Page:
In this post, I want to offer several thoughts on the way in which popular culture imagines the challenges of a post-life; first, with reference to Ulrich Simon (1913-1997) from whose work this post derives its title, and second, by turning to consider Darren Aronofsky’s recent film, Noah.
Simon was a German Jew who converted to Anglicanism. He was later Professor and then Dean at King’s College, London. In any case, I’m here interested in his discussion of the “symbolism of the end” through the story of Noah. He commented:
In the Flood mankind was overwhelmed, and even Noah only barely escaped with the aid of the Ark. Baptism never ceases to evoke the feeling of the cataclysm at the end of time, and in this way the Fathers of the Church have rightly understood the rite. Baptism is the fulfillment, the contradiction, of the devastating Flood which reduces all life to the slime and death. Just as Noah hinges the two worlds – before and after the Flood – so Christian Baptism hinges the world of condemnation and death on the one hand, and that of forgiveness and life on the other.
Popular culture continues to find these pervasive questions of living a post-life worth trying to imagine. Consider Darren Aronofsky’s recent film Noah which has attracted perspectives from all slants, not least from discussions which focus on the vital, yet at times strained relationship between literature and film. And Aronofsky’s portrayal of Noah’s struggle to imagine what life will be like after the water has dried up is not without implications for Christian discipleship.
Oddly enough, some critics have failed to take note of these pastoral implications. As a pastor, I have walked with many who find the hinge life (living after baptism) quite difficult to imagine. The newness of life, being buried and raised out of the water, experiencing the joy of the Holy Spirit and hearing the applause of congregants welcoming them into the community of new life can at times be quickly followed by questions such as: “Why do I still struggle in these or those areas?” “Why do I feel the same as I did before?” No doubt, Christianity is well resourced to approach such questions, but in doing so, one should be aware of what at first might appear to the less compassionate a symptom of spiritual immaturity, is more profoundly a tension weaved into the biblical fabric concerning the cataclysmic dimensions of baptism. Aronofsky does not relieve this tension in his portrayal of Noah. The washing away of the old creation is not without questions of how to live after apocalypse. As Simon put it: “The rite is altogether eschatological in its meaning. Its precursors, in and outside of the Bible, stress the catastrophe rather than the ensuing safety.”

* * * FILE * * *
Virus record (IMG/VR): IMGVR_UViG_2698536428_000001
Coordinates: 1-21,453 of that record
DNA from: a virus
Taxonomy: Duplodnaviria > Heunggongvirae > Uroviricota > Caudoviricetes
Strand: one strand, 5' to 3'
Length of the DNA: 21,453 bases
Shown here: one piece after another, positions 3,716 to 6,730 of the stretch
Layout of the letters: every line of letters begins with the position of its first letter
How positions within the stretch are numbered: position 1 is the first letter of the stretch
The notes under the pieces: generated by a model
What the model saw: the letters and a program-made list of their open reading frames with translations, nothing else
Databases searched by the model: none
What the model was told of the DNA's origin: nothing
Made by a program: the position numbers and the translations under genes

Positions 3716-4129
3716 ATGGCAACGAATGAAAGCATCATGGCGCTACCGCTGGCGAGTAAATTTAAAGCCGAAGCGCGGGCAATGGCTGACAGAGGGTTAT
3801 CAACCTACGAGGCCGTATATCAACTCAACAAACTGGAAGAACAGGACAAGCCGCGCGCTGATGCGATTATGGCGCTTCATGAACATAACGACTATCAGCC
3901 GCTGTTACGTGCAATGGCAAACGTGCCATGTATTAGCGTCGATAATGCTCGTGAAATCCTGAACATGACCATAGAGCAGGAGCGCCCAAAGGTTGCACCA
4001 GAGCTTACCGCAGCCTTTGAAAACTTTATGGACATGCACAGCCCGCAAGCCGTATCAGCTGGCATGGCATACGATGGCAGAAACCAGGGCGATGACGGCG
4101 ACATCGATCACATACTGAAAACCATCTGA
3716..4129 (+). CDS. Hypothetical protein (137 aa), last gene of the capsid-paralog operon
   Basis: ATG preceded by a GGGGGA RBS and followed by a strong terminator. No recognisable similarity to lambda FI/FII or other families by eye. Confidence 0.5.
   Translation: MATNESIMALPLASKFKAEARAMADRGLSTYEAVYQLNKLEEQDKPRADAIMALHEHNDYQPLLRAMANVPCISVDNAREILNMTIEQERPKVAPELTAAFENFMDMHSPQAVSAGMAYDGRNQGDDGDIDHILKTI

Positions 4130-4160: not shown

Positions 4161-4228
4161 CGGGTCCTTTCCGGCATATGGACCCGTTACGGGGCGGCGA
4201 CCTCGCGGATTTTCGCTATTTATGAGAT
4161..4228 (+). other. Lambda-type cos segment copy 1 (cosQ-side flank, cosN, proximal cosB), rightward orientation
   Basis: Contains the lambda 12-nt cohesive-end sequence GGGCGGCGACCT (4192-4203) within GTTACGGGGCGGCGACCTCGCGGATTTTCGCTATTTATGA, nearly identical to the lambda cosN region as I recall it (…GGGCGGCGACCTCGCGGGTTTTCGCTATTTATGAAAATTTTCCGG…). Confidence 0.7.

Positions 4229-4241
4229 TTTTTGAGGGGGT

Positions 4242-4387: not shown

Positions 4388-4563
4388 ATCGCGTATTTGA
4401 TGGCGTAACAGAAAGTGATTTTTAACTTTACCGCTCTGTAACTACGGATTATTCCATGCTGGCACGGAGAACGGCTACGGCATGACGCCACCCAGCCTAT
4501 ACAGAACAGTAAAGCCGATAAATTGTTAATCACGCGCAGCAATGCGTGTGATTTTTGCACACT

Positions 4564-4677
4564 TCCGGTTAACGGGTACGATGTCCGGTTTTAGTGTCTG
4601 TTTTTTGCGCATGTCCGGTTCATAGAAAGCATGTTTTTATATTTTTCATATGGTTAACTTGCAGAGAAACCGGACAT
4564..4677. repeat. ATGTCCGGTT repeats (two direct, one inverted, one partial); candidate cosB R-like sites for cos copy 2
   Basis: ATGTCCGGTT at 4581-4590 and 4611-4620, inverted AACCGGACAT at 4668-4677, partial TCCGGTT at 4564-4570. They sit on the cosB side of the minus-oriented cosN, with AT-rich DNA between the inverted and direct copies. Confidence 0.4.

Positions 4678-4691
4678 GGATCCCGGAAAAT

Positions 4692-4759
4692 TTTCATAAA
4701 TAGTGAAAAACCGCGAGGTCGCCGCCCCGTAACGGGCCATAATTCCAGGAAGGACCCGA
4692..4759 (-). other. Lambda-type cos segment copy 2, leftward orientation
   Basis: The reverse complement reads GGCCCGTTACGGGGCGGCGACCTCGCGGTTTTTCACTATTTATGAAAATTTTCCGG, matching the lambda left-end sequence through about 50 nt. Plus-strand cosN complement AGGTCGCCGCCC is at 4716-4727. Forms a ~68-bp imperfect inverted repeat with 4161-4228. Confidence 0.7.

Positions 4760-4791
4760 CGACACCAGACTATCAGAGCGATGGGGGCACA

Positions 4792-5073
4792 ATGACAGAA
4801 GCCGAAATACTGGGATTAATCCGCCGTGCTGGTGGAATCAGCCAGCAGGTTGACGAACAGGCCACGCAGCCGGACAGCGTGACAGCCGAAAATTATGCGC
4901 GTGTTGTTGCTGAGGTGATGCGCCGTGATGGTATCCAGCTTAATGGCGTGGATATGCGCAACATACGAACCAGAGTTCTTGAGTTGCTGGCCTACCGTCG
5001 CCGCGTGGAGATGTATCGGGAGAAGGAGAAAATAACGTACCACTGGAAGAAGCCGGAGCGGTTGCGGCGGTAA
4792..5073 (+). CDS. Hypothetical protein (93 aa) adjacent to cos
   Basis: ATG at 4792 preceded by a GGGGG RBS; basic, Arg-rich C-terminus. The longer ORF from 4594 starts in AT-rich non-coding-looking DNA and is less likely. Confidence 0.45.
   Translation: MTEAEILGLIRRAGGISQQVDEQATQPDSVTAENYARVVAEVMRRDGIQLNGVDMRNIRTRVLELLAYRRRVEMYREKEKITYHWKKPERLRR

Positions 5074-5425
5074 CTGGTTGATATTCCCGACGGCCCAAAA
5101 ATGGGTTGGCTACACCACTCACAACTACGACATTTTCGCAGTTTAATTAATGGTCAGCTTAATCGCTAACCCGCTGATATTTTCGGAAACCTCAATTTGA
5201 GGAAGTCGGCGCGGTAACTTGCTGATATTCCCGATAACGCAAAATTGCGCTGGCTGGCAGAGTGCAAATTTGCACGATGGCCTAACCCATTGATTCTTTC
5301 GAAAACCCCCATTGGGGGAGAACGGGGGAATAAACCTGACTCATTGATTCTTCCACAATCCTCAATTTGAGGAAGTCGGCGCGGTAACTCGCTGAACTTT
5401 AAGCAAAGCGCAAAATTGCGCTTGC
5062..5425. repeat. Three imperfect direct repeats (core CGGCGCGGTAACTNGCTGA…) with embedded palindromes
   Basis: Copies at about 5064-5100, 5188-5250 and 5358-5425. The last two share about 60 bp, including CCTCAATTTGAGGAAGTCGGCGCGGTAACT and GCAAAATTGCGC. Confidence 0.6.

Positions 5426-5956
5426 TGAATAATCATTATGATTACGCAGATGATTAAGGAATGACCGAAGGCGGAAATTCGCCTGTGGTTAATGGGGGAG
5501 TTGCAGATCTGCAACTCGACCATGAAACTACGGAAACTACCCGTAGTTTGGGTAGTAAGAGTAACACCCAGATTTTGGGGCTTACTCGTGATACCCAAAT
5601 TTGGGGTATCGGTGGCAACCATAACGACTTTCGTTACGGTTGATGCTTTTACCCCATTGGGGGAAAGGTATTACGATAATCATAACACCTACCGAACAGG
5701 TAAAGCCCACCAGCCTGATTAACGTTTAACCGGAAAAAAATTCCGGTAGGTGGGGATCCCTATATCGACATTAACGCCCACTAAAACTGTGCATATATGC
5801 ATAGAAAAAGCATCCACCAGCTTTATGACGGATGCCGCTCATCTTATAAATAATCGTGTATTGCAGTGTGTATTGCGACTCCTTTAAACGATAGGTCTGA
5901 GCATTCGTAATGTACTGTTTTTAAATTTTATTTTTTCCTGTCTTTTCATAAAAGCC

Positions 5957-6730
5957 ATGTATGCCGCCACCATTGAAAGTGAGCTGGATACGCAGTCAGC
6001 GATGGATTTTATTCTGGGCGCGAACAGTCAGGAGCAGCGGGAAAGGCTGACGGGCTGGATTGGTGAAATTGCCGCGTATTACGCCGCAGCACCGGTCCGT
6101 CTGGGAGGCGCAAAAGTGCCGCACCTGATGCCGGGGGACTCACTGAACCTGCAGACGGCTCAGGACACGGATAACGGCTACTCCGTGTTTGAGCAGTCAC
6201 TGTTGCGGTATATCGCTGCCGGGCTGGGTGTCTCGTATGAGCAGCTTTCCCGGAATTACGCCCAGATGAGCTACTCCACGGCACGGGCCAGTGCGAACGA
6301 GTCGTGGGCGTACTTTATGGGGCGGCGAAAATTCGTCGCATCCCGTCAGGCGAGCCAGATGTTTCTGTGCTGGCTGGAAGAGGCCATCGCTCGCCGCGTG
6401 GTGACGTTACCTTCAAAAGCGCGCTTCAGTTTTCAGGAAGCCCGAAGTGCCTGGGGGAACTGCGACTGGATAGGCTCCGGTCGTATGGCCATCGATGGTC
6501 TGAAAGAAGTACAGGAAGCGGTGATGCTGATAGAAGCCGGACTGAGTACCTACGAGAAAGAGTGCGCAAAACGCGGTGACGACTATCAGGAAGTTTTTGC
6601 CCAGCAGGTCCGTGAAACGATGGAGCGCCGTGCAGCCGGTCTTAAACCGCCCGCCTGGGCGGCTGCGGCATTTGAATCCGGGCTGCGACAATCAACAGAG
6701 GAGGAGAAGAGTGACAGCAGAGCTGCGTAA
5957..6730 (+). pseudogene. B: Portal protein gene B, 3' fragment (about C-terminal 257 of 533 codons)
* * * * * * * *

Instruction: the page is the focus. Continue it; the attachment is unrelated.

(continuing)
Drawing from such figures Justin, Origen, and John Chrysostom, Simon points to the need for Christians to resource further symbolism in understanding this hinge life:
From the Ark flies, and to the Ark returns, the Dove; Tertullian in De Baptismo changes the significance of this traditional symbol of Israel to that of the peace bringer from Heaven. The Dove becomes the emblem for the Holy Spirit which descends upon the baptized and sustains the death-to-life movement which they enjoy as a continual benison from above. It is not that they move themselves: they are moved.
Although challenges persist in understanding shifting attitudes towards such symbolism, art forms in popular culture nonetheless help us reconsider critical questions, in this case, through popular film. In the end, it is not just a question of catastrophe, it is a question of forgiveness, hope, and new life. In Christian terms, the hinge life or after life is the disciple’s life.
To what extent, then, does popular culture help, or perhaps even challenge us in theological construction and practice?
 Ulrich Simon, The End Is Not Yet: A Study in Christian Eschatology (Digswell Place: James Nisbet & Co, 1964).
 Darren Aronofsky, “Noah,” (USA Paramount Pictures, 2014).
 Simon, The End Is Not Yet, 174.
 Ibid., 175.
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